Ice formation on an airfoil often leads to a sizeable leading

edge protuberance. This protuberance causes a leading edge separa-

tion bubble to form, thus reducing the lift and increasing the drag.

As the angle of attack is increased, the bubble will eventually fail

to re-attach causing a reduction in airfoil stall angle and maximum

lift. For unprotected airfoils, these aerodynamic penalties are im-

portant and further research is needed before they can be accurately

predicted.

Airfoil aerodynamic penalties have been investigated by other

researchers, primarily by making lift and drag measurements. Jacobs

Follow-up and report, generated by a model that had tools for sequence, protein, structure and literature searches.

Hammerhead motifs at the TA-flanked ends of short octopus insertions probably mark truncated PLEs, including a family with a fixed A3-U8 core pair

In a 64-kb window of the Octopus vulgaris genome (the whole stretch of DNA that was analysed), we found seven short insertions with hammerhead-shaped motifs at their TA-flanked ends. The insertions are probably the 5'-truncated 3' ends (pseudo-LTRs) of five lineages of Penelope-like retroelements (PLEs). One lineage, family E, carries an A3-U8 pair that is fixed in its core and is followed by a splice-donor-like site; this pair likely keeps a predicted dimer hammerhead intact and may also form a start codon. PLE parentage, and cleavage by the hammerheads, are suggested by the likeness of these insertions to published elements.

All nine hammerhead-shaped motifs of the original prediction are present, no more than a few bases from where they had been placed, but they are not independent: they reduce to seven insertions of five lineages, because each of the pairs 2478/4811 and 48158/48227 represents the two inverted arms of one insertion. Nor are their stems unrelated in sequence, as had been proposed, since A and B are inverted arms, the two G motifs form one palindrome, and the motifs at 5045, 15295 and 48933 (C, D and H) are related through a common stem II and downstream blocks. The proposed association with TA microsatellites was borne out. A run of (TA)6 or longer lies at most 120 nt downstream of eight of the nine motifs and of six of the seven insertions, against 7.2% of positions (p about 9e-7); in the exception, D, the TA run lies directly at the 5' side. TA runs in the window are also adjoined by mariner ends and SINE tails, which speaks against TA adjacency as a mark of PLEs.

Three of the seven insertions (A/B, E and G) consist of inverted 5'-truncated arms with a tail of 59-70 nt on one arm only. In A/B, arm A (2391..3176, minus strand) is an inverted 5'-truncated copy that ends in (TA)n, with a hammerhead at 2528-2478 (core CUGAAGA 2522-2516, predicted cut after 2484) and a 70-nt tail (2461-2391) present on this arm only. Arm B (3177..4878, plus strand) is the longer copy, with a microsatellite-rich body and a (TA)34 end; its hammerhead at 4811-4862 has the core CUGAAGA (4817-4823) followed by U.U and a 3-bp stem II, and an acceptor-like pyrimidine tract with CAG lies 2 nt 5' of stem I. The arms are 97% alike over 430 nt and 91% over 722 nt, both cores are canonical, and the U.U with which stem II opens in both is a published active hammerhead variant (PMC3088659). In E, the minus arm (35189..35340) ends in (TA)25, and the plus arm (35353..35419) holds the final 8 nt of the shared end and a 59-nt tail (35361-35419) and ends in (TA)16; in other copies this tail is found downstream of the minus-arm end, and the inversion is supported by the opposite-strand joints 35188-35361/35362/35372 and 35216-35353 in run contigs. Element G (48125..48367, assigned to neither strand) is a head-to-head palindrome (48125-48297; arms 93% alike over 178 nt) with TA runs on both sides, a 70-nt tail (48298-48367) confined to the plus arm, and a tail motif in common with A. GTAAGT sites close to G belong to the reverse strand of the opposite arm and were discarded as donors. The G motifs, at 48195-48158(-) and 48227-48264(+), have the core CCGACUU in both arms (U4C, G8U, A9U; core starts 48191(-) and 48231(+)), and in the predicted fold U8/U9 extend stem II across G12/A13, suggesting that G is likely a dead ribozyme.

[i] in 1932 measured the lift, drag and moment change due to various

protuberances on a NACA 0012 airfoil. While these protuberances

were not specifically ice simulations, the data show the sensitivity

of the airfoil to any leading edge disturbance. In the 1950's the

NACA investigated the effects of ice on airfoil performance. Some

of these results can be found in the work of Gray [2,3], on the NACA

65-212 and NACA 65A004 airfoil with actual ice accretions. These

data show the adverse effects of ice on airfoil performance, but

report only the integrated lift, drag and moment data. More recent

studies such as that by Korkan, et. al. [4], Lee [5] and Flemming

[6] have also reported lift, drag and moment effects on airfoils

with simulated ice shapes.

In an attempt to obtain more detailed flowfield data, Bragg

et.al. [7,8] have obtained surface pressures on airfoils with simu-

lated rime and glaze ice shapes. These data give not only the

integrated lift, drag and moment data, but provide information on